In the human vascular system, it was revealed that 100% O2 treatment causes vasoconstriction and reduces CBF around 20% in healthy subjects [24]. However, in a pre-clinical stroke study, it was shown that hyperoxia preserves CBF in both core and penumbra, when NBO was applied during focal cerebral ischemia [7]. In the case of melatonin, diverse effects of melatonin’s MT1 and MT2 receptors on CBF have been reported [25]. However, in our recent study, we observed that melatonin improves CBF under ischemic stroke conditions by inhibiting ECE-1 [14, 17, 20] Furthermore, we revealed that the beneficial effect of melatonin on CBF was independent from MT1 and MT2 receptors [14]. However in these studies CBF analysis were conducted by LDF using a flexible optic probe, which was attached to the intact skull overlying the MCA territory. LDF does not provide precise measurements of absolute regional CBF values; it provides noninvasive, instantaneous, and continuous measurement of microcirculatory blood flow in a small tissue sample [26]. Therefore, it remained a matter of further research using a more precise CBF analysis method that allows spatial resolution. Therefore, in the present study, we used LSI for the analysis of CBF on the ischemic core, penumbra and non-ischemic brain tissue. We have observed that both melatonin and NBO treatment improved CBF significantly. In addition, the effects of melatonin and NBO treatment on the BBB permeability were evaluated by IgG extravasation analysis. Consistent with brain swelling, it was observed that both NBO and especially melatonin reduced BBB permeability significantly.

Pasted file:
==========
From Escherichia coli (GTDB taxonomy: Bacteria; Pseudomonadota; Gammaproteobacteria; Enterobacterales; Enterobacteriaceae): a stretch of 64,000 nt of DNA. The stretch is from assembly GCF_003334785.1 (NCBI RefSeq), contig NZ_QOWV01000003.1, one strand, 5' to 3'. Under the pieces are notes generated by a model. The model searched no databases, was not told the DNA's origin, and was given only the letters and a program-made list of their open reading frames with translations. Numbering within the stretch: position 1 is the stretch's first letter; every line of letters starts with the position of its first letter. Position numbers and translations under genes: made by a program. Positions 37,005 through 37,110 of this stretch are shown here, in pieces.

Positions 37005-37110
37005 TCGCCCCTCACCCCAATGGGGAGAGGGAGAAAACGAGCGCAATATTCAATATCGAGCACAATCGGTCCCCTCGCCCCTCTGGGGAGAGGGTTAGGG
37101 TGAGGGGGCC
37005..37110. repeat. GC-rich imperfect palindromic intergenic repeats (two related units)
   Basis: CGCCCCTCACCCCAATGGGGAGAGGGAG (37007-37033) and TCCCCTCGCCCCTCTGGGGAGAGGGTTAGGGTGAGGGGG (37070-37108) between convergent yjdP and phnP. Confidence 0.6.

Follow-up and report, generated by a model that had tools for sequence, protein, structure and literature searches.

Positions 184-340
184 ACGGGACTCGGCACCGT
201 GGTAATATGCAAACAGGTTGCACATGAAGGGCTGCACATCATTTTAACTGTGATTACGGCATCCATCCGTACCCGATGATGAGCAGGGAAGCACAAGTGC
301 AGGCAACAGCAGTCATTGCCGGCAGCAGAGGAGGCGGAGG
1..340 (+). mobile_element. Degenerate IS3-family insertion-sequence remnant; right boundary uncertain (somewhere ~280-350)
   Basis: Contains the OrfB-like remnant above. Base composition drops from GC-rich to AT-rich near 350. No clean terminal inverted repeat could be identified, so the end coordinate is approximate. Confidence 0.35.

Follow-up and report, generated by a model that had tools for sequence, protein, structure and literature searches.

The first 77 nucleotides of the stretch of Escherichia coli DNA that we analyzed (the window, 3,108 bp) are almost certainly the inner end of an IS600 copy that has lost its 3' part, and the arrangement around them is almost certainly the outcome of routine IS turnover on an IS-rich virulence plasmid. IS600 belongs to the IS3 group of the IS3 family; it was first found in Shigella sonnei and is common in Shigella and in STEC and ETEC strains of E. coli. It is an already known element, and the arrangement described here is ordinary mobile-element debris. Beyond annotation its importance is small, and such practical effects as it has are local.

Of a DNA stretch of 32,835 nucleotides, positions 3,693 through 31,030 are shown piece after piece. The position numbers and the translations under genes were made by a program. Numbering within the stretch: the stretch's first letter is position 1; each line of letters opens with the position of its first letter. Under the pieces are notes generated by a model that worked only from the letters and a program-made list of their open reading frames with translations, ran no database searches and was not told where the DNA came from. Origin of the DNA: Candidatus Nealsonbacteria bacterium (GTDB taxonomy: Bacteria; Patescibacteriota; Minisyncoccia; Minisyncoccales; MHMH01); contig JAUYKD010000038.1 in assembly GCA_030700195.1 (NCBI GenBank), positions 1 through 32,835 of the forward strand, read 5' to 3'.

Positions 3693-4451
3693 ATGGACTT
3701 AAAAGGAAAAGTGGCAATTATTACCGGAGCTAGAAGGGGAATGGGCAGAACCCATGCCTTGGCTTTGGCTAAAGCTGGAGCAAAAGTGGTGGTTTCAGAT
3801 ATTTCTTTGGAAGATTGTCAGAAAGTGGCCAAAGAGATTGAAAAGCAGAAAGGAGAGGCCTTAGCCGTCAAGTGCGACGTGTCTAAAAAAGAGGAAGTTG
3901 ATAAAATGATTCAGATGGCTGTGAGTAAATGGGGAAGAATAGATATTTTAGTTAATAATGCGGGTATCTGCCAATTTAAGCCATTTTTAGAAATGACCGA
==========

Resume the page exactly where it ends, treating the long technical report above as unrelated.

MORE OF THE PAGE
In line with the observation that combined NBO and melatonin delivery reduced disseminate neuronal injury, levels of phosphorylated Akt, anti-apoptotic Bcl-xL, pro-apoptotic Bax and eNOS were re-regulated upon combined NBO and melatonin delivery. Thus, levels of phosphorylated Akt, Bcl-xL and eNOS were increased, whereas the level of Bax was reduced, as revealed in Western blots. On the other hand, nNOS and iNOS activities were increased by NBO, but not influenced by melatonin. It has been previously reported that Bcl-xL is upregulated and Bax is downregulated by NBO after intraluminal MCAo in rats [27]. Upregulation of phosphorylated Akt, Bcl-xL and eNOS and downregulation of Bax, nNOS and iNOS by melatonin have been described after intraluminal MCAo in mice [14, 16, 17] or in rats [19]. Production of ROS, nitric oxide, nNOS and iNOS contribute to lipid peroxidation and cellular energy failure [28].

In conclusion, both NBO and melatonin synergistically improved CBF significantly in the ischemic- core and penumbra analyzed by real-time laser speckle imaging, which was associated with reduced IgG extravasation, DNA fragmentation, infarct volume, brain swelling and neurological scores which was associated with decreased activity of pro-apoptotic protein Bax and increased activities of NOSs, anti-apoptotic Bcl-xL and survival kinase Akt. Our study suggests the utility of NBO as add-on treatment to free radical scavenging drugs.